- It is however important to point out, as Hellman and van den Hoed (2007) have done, that FCs are a replacement technology. Competing technologies, some of which are extremely mature, are seen as setting the bar in the customer’s expectation on cost and performance. If we for example analyze the cost structure of a mobile phone, we see end-user products being offered to the customer with ever lower prices. This will drive the price of components ever lower, and if we see FCs as a viable solution for portable solutions we are faced with a strong need for price reductions and technological development. We can even question if the assumptions, made by Dyer (2002), that the allowable cost of fuel cells in portable devices is in the range of $3-5/W would be sufficient in the future? In comparison to cost, FC and DMFC technology has a clear advantage in system energy densities. Currently the portable electronics industry mainly uses lithium based battery technology. This technology enables energy densities of 475 Wh/l and 220 Wh/kg-1 with the expected growth path of 5 to 10 percent yearly (Ryynänen and Tasa, 2005, cited in van der Voorta and Flipsena, 2006). This development phase is however expected to diminish due to the physical constraints related to the technology (Broussely and Archdale, 2006). The theoretical energy density of FCs is near 5000 Wh/l from which the practical energy density with current technology is in the range of 250 – 1000 Wh/l (Dyer, 2002; Flipsen, 2005).
- The characteristics of FCs also include the notion that FCs are subsystems of product. Although different structures of fuel cells have been researched (Qian, et al., 2006), FCs will most likely have some BoP (Balance of Plant). In the current demonstrational status we see FCs being integrated as such to existing products. These products, for examples mobile phones, are designed to use batteries as a power source. Through a high degree of interdependence current devices are optimized to work with existing power sources. FCs that are integrated to a product are also heavily interdependent on the application and as such will set design constraints.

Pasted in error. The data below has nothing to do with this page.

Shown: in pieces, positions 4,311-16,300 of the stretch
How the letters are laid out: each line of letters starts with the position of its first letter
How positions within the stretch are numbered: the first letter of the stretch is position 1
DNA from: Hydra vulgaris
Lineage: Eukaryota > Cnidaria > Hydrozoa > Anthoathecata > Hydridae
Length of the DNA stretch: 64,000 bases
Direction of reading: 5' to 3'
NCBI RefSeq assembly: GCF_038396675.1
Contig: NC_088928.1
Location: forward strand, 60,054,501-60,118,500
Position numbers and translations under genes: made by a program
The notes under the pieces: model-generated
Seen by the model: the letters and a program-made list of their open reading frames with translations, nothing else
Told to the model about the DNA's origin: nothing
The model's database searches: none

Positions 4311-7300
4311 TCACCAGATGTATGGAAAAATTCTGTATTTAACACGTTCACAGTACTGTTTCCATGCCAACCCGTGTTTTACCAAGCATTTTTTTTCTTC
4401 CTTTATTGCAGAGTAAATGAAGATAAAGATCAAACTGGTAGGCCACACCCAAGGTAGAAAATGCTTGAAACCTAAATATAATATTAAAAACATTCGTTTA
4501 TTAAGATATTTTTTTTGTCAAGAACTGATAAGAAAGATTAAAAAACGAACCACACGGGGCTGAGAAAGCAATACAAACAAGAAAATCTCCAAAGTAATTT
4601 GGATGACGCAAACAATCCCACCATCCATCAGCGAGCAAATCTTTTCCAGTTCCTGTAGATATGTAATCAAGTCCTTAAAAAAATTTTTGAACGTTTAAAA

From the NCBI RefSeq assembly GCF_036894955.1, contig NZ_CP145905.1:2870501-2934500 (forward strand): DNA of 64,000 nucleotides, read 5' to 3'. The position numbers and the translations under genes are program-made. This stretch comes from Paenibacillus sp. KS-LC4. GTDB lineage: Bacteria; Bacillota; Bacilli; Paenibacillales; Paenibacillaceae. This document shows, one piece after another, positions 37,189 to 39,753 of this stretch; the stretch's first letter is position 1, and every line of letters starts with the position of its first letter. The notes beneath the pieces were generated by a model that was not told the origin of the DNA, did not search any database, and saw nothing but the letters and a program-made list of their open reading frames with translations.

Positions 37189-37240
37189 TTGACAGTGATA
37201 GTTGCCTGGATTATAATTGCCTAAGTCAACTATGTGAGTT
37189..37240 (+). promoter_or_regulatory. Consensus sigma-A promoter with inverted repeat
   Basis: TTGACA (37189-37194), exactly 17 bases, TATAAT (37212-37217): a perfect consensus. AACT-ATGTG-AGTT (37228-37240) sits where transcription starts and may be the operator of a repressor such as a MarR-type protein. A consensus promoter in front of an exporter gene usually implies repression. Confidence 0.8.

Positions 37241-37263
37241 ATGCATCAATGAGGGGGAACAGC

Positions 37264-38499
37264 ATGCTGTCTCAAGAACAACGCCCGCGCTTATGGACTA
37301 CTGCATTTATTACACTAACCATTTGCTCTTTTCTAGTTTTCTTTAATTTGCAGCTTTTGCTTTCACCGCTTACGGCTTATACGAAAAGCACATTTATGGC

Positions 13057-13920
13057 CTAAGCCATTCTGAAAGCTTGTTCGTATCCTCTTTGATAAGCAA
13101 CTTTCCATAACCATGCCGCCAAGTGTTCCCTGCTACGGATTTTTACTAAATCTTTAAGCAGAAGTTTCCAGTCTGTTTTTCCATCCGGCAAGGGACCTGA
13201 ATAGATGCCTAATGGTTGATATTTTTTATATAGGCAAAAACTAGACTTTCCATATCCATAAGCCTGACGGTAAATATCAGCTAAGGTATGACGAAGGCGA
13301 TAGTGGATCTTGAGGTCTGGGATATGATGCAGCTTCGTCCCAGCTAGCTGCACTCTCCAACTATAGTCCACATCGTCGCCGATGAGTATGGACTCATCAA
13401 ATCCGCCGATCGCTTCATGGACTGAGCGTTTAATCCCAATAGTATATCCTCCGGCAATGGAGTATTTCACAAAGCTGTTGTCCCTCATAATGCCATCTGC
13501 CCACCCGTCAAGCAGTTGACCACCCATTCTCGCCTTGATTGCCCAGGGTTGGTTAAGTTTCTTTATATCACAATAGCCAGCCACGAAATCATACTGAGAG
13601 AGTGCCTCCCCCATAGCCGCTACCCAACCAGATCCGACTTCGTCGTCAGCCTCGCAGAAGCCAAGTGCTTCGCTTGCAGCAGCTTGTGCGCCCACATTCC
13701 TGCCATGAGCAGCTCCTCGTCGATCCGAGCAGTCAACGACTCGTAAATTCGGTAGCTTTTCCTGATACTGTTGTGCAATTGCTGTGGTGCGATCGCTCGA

- FC is a system which is constructed from the actual FC as well as from the BoP connected to the FC. This structure is in no way a simple one. We can see it requiring specific knowledge on several aspects from materials science, chemistry, electronics to mechanics. Complexity and the sub-system nature of FCs have a significant effect on the convenience and perceived safety of FC based systems. Concerns on the storage of fuel, such as methanol, and the technical limitations of materials can reduce the practical advantages of using DMFC in portable applications (Dyer, 2002).
2.2 Emerging Technology lifecycle indicators
Pavitt (2006) describes innovation into three overlapping processes: 1) The production of scientific and technological knowledge, 2) responding to and influencing market demand, and 3) the translation of knowledge into working artifacts. Pavitt sees the production of scientific and technological knowledge as a major trend. Pushed by the industrial revolution, the increased production of highly focused scientific and technological knowledge will be seen as offering opportunities for commercial exploitation.